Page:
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  • Pruning Trees and Shrubs in the Fall



    Pruning in August can stimulate new growth that is less hardy during the winter.  But what about pruning at this time of year?  Woody plants move sugars and other materials from the leaves to storage places in the woody portions of the plant just prior to leaf fall and we would like to maximize those stored energy reserves.  Even pruning later in the fall can cause a problem by reducing the cold hardiness of woody plants.  Dr. Rich Marini at Penn State Extension has written , “Based on everything that has been published we can conclude that woody plants do not attain maximum cold hardiness when they are pruned in the fall. Trees are affected more by heavy pruning than light pruning.”  However, this does not mean that woody plants pruned in the fall will necessarily suffer winter damage.  In most cases, I think you can get away with the old adage of “prune whenever your pruners are sharp.”  However, damage can occur if we have a sharp drop in temperature before plants are completely hardened off.  Also, marginally hardy plants are more susceptible to winter damage, especially if pruned in the fall.  Though light pruning and removal of dead wood are fine this time of year, you may want to delay severe pruning until spring.

    Consider pruning to be “light” if 10% of less of the plant is removed. Dead wood does not count in this calculation.  Keep in mind that even light pruning of spring-blooming shrubs such as lilac and forsythia will reduce flowers for next year. We normally recommend that spring-bloomers be pruned after flowering.

    Shrubs differ in how severely they can be cutback. Junipers do not break bud from within the plant and therefore should be trimmed lightly if you wish to keep the full shape. Overgrown junipers should be removed. On the other hand, there are certain shrubs that can be pruned back severely during the spring. Rejuvenation is the most severe type of pruning and may be used on multi-stem shrubs that have become too large with too many old branches to justify saving the younger canes. All stems are cut back to 3- to 5-inch stubs. This works well for spirea, forsythia, pyracantha, ninebark, Russian almond, sweet mock orange, shrub roses, and flowering quince. Just remember that spring is the correct time to do this, not now.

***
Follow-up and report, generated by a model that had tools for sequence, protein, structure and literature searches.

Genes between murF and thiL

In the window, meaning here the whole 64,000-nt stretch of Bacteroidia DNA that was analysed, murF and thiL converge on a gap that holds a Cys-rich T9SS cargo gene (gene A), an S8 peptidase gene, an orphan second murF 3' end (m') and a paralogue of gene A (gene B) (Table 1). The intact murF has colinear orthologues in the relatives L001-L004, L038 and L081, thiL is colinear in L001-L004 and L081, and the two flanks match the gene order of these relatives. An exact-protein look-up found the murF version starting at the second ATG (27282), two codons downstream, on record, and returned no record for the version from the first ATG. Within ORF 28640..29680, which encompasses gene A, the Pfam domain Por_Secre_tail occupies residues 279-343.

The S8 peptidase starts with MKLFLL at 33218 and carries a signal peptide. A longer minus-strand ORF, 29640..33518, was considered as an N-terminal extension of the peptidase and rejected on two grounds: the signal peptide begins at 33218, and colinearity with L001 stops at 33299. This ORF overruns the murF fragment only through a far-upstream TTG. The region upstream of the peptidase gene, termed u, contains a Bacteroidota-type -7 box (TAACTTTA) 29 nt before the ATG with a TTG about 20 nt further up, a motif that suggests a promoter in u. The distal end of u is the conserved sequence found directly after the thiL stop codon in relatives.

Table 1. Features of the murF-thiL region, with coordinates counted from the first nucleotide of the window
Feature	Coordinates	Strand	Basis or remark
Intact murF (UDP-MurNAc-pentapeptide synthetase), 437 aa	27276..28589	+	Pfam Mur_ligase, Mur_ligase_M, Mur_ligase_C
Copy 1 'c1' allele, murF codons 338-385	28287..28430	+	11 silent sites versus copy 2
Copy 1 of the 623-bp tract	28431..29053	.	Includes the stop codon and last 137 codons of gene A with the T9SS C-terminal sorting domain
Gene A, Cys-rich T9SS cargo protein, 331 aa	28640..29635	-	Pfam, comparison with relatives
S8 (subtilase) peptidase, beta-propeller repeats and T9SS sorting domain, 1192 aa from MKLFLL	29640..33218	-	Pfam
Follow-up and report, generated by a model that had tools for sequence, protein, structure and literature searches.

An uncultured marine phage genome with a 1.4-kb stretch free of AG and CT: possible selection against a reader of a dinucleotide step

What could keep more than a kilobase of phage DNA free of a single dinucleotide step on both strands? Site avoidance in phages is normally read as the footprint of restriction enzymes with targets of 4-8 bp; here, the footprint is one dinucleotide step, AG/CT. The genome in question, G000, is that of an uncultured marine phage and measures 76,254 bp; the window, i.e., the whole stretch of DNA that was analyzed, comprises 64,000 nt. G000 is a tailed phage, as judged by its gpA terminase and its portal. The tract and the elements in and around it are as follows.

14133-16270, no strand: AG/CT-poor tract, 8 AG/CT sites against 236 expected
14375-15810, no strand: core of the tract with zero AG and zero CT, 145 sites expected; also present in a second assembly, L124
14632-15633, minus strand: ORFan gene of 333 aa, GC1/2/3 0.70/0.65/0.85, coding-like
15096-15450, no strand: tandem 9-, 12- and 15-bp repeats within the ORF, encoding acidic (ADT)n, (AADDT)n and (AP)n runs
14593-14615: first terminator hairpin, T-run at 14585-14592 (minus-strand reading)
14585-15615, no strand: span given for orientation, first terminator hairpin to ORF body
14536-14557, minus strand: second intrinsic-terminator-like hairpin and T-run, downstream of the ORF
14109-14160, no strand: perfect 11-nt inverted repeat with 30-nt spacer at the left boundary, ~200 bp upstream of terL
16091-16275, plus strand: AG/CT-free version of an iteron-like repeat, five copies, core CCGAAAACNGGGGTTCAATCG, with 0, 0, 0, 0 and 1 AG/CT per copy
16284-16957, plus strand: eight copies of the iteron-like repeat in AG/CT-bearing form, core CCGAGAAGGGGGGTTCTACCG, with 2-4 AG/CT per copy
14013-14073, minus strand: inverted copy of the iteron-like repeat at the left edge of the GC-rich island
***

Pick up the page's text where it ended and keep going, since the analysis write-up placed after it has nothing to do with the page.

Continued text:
(Ward Upham)

  • Gardeners’ Gathering Tour June 21st

    Thursday, June 21, 2018 Tour of KC Water Swope Campus Green Infrastructure Tour of KC Water’s Swope Campus Infrastructure Thursday, June 21, 2018 Rain gardens, bioswales, native plantings, permeable pavers—are you interested in these gardening/water...

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  • Become a Master Gardener!

    Master Gardeners and Garden ‘N Grow Participants It is time to steer our friends, family, neighbors, acquaintances, and any other people you know who are interested in gardening to the Master Gardener Volunteer Training! We are accepting applications...

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  • Master Gardeners of Greater KC Plant Sale News!!

    Spring is here, or so the calendar says! Since the weather has been so chilly, we are getting a slow start on our dig and divide. However, that is only a part of our annual plant sale. The plants that everyone looks forward to are the showy annuals...

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  • Gardeners Gathering Thursday, April 19, 2018

    The Master Gardeners of Greater Kansas City present ‘16 Together’, by Roy Diblik Perennial plant expert, grower, designer, speaker and author Roy Diblik is a recognized Perennial plant expert, grower, designer, speaker and author. Roy will discuss...

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  • Phenology and potential implications of climate change

    How do you know when spring has begun? Is it the flow of maple sap? The first crocuses coming up through the snow? Ice out on local lakes? The arrival of the first red-winged blackbirds? The clamor of peepers? Apple trees and/or lilacs blooming? Merriam-Webster...

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  • Hydrangea: The chameleon of plants

    From the Easter season through Mother's Day, hydrangea is one of the most sought-after flowering plants from retail florists and garden centers alike. It's huge, globe-like clusters of blooms impart a regal elegance that is uncommon among potted plants....

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  • What You Need To Know About Seed Starting Containers

      Starting seeds can be a truly rewarding practice for the home gardener, but it does require some basic know-how and the right materials. If you’re new to growing plants from seed, it’s important to understand that not all products or DIY...

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  • Use a Planting Calendar

      If you start vegetable plants indoors, it is often helpful to list seeding dates on a calendar so that plants are ready for transplanting at the proper time. To do this, choose your transplant date and count back the number of weeks necessary to...

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  • Tomato Trials

    It is that time of year where we start thinking about our summer gardens!! ​Each year we have our Master Gardeners plant and rate a number of tomato varieties.  We also give a set to Tom Fowler with the University of Missouri Extension Service. ...

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  • Spring Gardening Seminar!

    Come and spend a day with us!  We are offering an all day educational event with a variety of presentations from edible flowers to everything you wanted to know about no sow gardening. $54.00 including lunch. The  keynote speaker is Jim Long, the founder...

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University of Missouri Extension Master Gardener Program